What I did when things got slow, was to open my Amazon Web Service and go to the S3 section and created folders for each show. I uploaded the audio into neat little folders and made them public. Since I was using Powerpress with WordPress, I simply replaced all of the links on the website with that of the S3 URL. That is not what you do on Squarespace. All of this painful description is what you do off of Squarespace. I shared it because I want people to appreciate what they don’t have to learn and spends hundreds of hours building.
Squarespace is undoubtedly working with both a web host and a media host. This is big business so it makes your first years easy so you can focus on the content and not the in’s and out’s of code. This is a huge benefit to outsourcing this out to a third-party.
Final Call on SquareSpace
I described some of the benefits of using a service like Squarespace versus getting your hands dirty. There is a big price difference too. You could get web hosting for $5/month, use Amazon S3 for about $1-5/month, and finally the $8.29 domain rental fee each year. That’s about it unless you buy a theme or plugins like I have for hundreds of dollars. You do not have to though as there are plenty of freebies out there. If you go the easy route, you are getting a business plan with lots of goodies for $18/month yearly with them. That’s a great offer. Really, they both equal out to about the same thing at the same price.
I would highly recommend getting the following if you want a more hands on approach.
- A domain, preferably a .com
- Cheap shared hosting package.
- WordPress with the Powerpress plugin
- Host on your own hosting until traffic picks up if possible.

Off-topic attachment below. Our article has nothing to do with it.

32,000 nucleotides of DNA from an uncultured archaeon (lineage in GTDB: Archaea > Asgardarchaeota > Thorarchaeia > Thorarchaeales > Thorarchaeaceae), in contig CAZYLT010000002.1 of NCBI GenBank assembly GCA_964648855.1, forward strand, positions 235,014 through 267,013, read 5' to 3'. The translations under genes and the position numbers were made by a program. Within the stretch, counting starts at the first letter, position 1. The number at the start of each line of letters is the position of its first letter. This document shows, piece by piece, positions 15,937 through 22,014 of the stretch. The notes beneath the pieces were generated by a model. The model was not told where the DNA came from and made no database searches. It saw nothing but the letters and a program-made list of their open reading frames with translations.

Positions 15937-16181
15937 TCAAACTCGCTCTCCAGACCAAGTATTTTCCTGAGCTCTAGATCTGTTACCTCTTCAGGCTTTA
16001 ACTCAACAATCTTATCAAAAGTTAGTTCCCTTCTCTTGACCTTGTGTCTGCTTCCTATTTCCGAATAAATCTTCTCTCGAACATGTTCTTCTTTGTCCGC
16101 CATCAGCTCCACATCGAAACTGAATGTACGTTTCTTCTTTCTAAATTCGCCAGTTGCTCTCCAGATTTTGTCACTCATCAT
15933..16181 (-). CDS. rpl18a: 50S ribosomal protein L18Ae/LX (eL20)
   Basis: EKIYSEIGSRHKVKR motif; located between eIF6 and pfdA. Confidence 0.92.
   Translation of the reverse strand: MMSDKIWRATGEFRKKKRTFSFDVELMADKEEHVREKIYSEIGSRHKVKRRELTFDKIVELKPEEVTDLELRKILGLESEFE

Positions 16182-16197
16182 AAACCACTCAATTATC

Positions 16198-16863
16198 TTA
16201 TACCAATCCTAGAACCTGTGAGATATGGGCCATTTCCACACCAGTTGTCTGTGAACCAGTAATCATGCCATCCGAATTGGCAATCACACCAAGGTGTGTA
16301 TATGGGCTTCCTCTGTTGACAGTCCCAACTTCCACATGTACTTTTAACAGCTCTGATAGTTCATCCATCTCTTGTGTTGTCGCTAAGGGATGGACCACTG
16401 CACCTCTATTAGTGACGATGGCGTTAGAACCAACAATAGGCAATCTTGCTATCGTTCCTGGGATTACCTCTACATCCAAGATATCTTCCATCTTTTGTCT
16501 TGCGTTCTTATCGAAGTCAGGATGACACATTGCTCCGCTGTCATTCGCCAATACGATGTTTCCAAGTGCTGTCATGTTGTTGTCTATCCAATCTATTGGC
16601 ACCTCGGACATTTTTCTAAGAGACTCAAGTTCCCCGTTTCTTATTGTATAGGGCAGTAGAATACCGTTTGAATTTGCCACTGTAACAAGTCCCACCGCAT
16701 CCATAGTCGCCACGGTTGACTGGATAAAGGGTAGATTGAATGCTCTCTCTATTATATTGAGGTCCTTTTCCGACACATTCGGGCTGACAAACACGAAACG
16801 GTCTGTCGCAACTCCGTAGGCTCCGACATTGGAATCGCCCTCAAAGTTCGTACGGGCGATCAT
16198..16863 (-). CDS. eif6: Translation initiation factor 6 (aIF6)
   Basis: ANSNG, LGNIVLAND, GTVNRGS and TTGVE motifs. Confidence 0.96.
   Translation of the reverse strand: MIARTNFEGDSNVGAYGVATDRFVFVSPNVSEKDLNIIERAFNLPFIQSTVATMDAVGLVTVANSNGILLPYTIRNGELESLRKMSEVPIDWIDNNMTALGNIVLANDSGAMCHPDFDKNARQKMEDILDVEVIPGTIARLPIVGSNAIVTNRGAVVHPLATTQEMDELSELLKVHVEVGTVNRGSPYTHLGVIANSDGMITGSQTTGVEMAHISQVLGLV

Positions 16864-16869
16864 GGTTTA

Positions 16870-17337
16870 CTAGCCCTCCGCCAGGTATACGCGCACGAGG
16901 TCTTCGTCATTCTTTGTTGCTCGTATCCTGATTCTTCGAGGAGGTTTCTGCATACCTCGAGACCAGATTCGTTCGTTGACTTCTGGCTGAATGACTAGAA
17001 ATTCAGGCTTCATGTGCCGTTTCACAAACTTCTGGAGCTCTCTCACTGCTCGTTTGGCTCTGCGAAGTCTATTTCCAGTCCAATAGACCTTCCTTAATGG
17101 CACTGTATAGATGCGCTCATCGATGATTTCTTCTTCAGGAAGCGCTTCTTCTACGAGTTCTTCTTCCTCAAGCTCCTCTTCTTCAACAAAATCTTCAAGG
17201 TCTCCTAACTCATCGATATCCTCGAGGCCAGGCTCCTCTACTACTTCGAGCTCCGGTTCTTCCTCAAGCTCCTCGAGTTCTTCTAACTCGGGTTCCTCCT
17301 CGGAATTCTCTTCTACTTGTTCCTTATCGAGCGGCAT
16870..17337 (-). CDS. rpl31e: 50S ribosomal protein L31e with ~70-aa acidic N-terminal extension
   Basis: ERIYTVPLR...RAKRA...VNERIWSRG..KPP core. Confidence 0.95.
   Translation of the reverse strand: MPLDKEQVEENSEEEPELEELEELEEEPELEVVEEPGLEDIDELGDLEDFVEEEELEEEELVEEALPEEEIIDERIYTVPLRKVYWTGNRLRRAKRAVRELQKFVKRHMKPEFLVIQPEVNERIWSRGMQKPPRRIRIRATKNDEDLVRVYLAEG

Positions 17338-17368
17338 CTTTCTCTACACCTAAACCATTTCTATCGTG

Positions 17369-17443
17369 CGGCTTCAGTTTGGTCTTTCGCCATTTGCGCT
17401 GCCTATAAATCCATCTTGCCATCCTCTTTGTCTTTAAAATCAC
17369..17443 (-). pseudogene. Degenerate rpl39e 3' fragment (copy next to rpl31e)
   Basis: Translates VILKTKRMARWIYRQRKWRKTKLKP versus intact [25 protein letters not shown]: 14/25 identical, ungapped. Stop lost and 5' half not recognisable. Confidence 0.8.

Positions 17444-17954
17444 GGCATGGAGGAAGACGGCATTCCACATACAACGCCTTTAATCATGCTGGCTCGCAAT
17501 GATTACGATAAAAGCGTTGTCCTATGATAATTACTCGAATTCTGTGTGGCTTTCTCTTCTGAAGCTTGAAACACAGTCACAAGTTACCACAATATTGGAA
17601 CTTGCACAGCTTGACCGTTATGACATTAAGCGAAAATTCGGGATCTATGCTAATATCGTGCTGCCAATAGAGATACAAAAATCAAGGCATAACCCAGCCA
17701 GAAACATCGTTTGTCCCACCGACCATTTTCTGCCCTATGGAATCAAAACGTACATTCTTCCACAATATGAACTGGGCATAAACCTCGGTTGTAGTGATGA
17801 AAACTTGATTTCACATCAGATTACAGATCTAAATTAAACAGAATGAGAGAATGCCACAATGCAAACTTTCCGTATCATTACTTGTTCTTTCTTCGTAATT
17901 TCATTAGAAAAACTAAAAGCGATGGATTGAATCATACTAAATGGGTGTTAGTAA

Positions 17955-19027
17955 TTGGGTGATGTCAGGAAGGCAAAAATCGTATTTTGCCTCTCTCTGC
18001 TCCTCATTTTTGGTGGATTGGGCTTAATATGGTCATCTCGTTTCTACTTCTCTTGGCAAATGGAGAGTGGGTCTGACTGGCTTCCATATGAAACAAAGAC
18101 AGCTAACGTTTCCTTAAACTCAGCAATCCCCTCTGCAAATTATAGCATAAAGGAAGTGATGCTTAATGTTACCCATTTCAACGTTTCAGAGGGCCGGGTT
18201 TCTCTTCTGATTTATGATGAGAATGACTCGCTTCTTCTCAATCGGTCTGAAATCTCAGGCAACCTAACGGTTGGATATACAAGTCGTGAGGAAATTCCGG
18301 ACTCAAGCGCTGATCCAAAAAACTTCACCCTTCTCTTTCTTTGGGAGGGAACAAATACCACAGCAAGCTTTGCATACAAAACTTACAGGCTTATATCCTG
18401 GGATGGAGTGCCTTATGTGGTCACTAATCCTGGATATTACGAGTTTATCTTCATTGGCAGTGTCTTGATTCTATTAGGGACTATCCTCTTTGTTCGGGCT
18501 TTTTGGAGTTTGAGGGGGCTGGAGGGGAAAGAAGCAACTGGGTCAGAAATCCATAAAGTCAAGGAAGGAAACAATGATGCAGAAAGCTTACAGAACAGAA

- Or Libsyn, Blubrry, or my preferred way…Soundcloud as the host for the audio files.
- Soon, the AM Podcast Network will be hosting content and media.
WordPress is super simple, and gives you all the control you could want. I don’t like building my stuff on third-party platforms because it can be ripped away. I like building my home on my land (server) if you get what I am saying. I back up everything on a regular basis too. I know that building a site can be hard. I am currently working on fixing that for podcasting specifically. I want to do a series eventually on how easy podcasting is to setup in total. I would love to see more people go out on their own, but I know most people don’t want to get their hands dirty.
Squarespace Wins While WordPress Waits
So in my opinion, Squarespace is a good deal whether you are a store or just a regular blog. I am 50/50 on deciding if it’s the best way to go for a podcast, but for now, if it makes your process easier then so be it. As I once was told, it’s a tool that gets you to the finished result, and not how you got there. I have to agree. The difference between me and you is that you will pay up to 2 times more than I do (maybe), but I have spent years learning all of this. I give Squarespace a 8/10 rating and I think if you are a new show with less than 10-20 episodes then go for it. Pay for a year, and post 2-3 times a week and test it out completely. I beg that you not just record and post. Please write content that compliments your show so Google can index it. Google can’t index audio files.
Squarespace is a very good deal for what you are getting. If I was starting today I would use them until I had enough knowledge to do more on my own. Doing it the hard way just takes more time away from creating wonderful content. Though I never thought I would recommend them…I do. It’s perfectly okay to set up with them, not that you need permission. You will learn more as you go along. Let the content shine and leave the constant updates and maintenance to them.
For those of you that have used Squarespace and want to add to my thought process, then please comment. If there is a correction or a lie in here please let me know so I can address it. There are many ways to get to a goal and whichever way you choose to do it is your right.